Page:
I recently attended a Safety Technology event as part of London Tech Week. The event was hosted by Safety Accelerator, an organisation which brings together end users and innovators in the Safety Tech space to ‘make the world safer and more sustainable through wider adoption of industrial safetytech.’
Maurizio Pilu, Managing Director at Safetytech Accelerator set the scene with the formidable challenge of 2.1m deaths globally and 3.9% of global GDP being the cost of accidents at work. However, with £150m invested in startups in the space since 2020 and a 5-fold increase since Covid, it is clear Safety Tech will play a key role in driving health and safety performance and playing a key role in tackling the global challenges across health and safety.
From virtual reality, AI, sensors, wearable technology, drones, through to data analytics, the space and opportunity is vast. However, a lot of this technology is not new, so why have we not seen wide scale adoption?
The event brought together a panel of industry leaders with a construction and infrastructure focus including Andrew Rippington - Health and Safety Lead at BAM Nuttall, Mark Saunders - Client Director at Colas, George Mosey - Head of Health, Safety and Environment at Laing O’Rourke, and Xanyar Kamangar - Founding Partner at Griffon Capital.
Kicking off the discussion was George Mosely who offered some insight into the past track record of Safety Tech perhaps hindering recent uptake, identifying there was cynicism of Safety Tech given the amount which has been ‘discarded along the way’.
George discussed further some of the challenges in embedding Safety Tech, with the project nature of construction being a key example. If a project is successful with implementation on an individual project, wider adoption can then break down in an organisation as this success needs to be transplanted from projects to the central hub then back to project. Much like a 2000-person health and safety tango.
For Safety Tech to tick the box and be identified, acquired, and embedded effectively in an organisation, it needs to tick another box as well. It is essential the ‘Safety’ technology solves a wider business problem such as driving productivity (and oh it will also make up work place a lot safer). This sentiment was echoed later in the day by entrepreneurs Shelley Copsey - CEO at FYLD and Sebastian Andraos - CEO and Co-Founder at HAL-Robotics, who despite leading technology companies which drive vast improvements in health and safety, they don’t label their product ‘Safety Tech’. They each solved a different workplace issue and drove safety performance ‘by proxy’; as George mentioned ‘reframe the issue’.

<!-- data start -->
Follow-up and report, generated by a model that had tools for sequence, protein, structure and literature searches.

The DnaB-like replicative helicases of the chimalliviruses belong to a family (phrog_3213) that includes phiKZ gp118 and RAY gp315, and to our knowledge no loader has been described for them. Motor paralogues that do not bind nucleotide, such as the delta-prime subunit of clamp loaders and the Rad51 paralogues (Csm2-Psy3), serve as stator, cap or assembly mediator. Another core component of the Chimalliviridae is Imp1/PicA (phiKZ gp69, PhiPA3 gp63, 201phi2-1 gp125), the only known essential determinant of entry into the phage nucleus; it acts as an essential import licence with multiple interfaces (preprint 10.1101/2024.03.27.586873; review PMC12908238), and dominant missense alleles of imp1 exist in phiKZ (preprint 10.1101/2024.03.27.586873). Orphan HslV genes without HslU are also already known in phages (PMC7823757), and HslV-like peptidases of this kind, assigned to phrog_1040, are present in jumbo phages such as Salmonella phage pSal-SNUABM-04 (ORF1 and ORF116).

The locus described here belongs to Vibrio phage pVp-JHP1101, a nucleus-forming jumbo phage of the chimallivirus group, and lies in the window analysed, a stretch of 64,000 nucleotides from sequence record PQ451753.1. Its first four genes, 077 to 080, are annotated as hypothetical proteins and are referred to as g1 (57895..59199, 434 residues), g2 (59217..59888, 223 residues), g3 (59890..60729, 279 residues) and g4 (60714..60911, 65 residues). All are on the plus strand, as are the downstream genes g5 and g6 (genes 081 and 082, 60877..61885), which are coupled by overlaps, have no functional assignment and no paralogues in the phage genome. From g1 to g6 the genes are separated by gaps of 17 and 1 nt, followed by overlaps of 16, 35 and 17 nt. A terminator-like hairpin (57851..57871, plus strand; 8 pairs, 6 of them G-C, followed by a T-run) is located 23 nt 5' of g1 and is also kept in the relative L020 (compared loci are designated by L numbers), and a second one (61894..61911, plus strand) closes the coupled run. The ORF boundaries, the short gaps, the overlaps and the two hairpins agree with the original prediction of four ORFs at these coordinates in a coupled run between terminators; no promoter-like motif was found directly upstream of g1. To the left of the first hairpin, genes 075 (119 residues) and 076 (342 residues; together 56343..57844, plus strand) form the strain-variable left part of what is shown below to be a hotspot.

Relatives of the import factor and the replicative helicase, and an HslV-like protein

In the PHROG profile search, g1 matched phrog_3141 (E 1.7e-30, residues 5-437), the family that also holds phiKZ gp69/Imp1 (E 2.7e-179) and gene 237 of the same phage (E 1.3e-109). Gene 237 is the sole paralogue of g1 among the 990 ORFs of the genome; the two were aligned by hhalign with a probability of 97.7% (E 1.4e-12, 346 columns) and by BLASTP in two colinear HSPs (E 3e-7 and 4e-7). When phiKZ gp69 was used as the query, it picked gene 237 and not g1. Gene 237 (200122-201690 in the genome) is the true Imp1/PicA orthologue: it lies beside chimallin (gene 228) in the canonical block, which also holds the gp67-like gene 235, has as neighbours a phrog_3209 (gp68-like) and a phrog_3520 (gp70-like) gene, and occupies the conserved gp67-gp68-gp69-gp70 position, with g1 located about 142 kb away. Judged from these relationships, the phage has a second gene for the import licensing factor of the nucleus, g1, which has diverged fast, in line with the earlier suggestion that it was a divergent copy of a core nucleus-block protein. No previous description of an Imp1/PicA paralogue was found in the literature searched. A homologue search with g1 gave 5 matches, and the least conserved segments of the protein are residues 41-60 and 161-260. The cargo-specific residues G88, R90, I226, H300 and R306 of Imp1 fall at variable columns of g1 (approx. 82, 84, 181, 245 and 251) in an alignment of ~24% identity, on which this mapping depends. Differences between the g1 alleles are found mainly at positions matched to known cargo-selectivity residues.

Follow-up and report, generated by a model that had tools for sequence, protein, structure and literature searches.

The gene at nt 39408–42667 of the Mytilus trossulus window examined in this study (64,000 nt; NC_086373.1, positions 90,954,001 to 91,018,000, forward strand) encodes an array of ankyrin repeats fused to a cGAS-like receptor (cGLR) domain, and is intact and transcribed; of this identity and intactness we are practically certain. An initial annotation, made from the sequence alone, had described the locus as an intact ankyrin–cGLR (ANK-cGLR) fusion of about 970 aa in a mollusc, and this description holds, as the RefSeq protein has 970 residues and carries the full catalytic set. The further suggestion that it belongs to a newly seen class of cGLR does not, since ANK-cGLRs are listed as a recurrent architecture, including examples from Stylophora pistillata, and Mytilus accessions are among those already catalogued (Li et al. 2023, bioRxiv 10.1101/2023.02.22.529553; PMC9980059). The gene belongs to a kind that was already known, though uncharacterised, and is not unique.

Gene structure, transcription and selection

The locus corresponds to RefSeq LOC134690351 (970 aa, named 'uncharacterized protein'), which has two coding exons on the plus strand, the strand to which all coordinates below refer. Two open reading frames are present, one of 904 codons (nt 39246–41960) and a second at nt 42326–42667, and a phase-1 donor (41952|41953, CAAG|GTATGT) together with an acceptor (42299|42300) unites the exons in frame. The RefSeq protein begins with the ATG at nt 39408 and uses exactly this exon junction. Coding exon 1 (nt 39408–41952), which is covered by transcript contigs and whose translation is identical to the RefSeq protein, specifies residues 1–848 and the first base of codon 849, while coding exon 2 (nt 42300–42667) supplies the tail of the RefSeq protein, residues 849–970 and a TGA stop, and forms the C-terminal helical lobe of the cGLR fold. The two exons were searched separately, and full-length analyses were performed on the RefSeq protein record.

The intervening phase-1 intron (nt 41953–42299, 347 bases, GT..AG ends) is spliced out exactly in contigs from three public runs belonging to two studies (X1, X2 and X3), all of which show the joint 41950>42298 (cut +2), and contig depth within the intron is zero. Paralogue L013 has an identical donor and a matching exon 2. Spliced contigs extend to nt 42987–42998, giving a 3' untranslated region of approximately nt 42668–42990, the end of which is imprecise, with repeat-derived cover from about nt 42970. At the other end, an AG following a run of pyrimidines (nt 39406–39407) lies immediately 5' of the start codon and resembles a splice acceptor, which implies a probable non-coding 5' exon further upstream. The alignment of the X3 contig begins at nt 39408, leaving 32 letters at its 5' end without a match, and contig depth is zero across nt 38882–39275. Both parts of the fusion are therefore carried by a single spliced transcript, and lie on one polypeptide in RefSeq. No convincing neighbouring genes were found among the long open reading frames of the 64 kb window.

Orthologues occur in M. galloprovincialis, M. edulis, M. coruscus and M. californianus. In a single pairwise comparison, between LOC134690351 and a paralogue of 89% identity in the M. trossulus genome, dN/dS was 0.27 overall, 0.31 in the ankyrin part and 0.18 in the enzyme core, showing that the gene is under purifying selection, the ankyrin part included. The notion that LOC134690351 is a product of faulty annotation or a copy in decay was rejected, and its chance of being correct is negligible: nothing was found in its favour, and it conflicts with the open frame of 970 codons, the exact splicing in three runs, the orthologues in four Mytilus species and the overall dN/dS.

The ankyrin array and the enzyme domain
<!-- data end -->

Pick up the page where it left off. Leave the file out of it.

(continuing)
Mark Saunders from Colas put it well when he stated that you can’t look at safety in isolation, you need to look at it as a failure of other parts in the business process with Safety Tech solving these wider issues. He also highlighted lack of time invested in the project and tech set up for pilots as being barriers to success.
Andrew Rippington who has been at the coal face of health safety and major infrastructure for 20 years gave a vivid account of when tech became unstuck on projects. Much of this he put down to the wrong tech in the first place and time and resources not invested to set the implementation up for success or refining once implemented.
What does work when implementing health and safety technology?
The speakers were unanimous about the value and benefit of the Safety Tech. Having clear and tangible KPIs in place from the outset was essential, as mentioned by angel investor Xanyar Kamangar.
Another major factor is ensuring all technology is people centric, getting the right stakeholders onside and complementing sound health and safety management rather than trying to replace it.
A splattering of government regulation to act as a catalyst doesn’t hurt either.
The good news is that despite the barriers there is a track record of the construction industry moving at speed to implement solutions to identified problems. George used the example of an initiative by Skanska where lorry loaders were fitted with certain types of stabiliser legs following three fatalities. This collective response was seen as key with many seeing the Safety Tech space as a ‘noise world’ with multiple players. One key to cut through this is the sharing of information and case studies to allow organisations to make informed decisions on options.
The HSE is really playing their part in this with Helen Balmforth - Head of Centre for Data Analytics at HSE, Discovering Safety Programme Director giving an overview. Their three-pronged attack focuses on data, analytics, and a regulatory sandbox. All of which will allow data to drive health and safety performance.
Hearing from four innovators in the space - Brendan Digney - Founder at Machine Eye, Sebastian Andraos - CEO and Co-Founder at HAL-Robotics, David Greenberg - Founder and Executive Director at Eave, and Shelley Copsey - CEO at FYLD, it is clear there is a huge amount happening. With passionate, smart, purpose driven people driving innovations the space is in a good place.
James Irwin is a Director at Irwin and Colton, a specialist health, safety, environment and sustainability recruitment consultancy.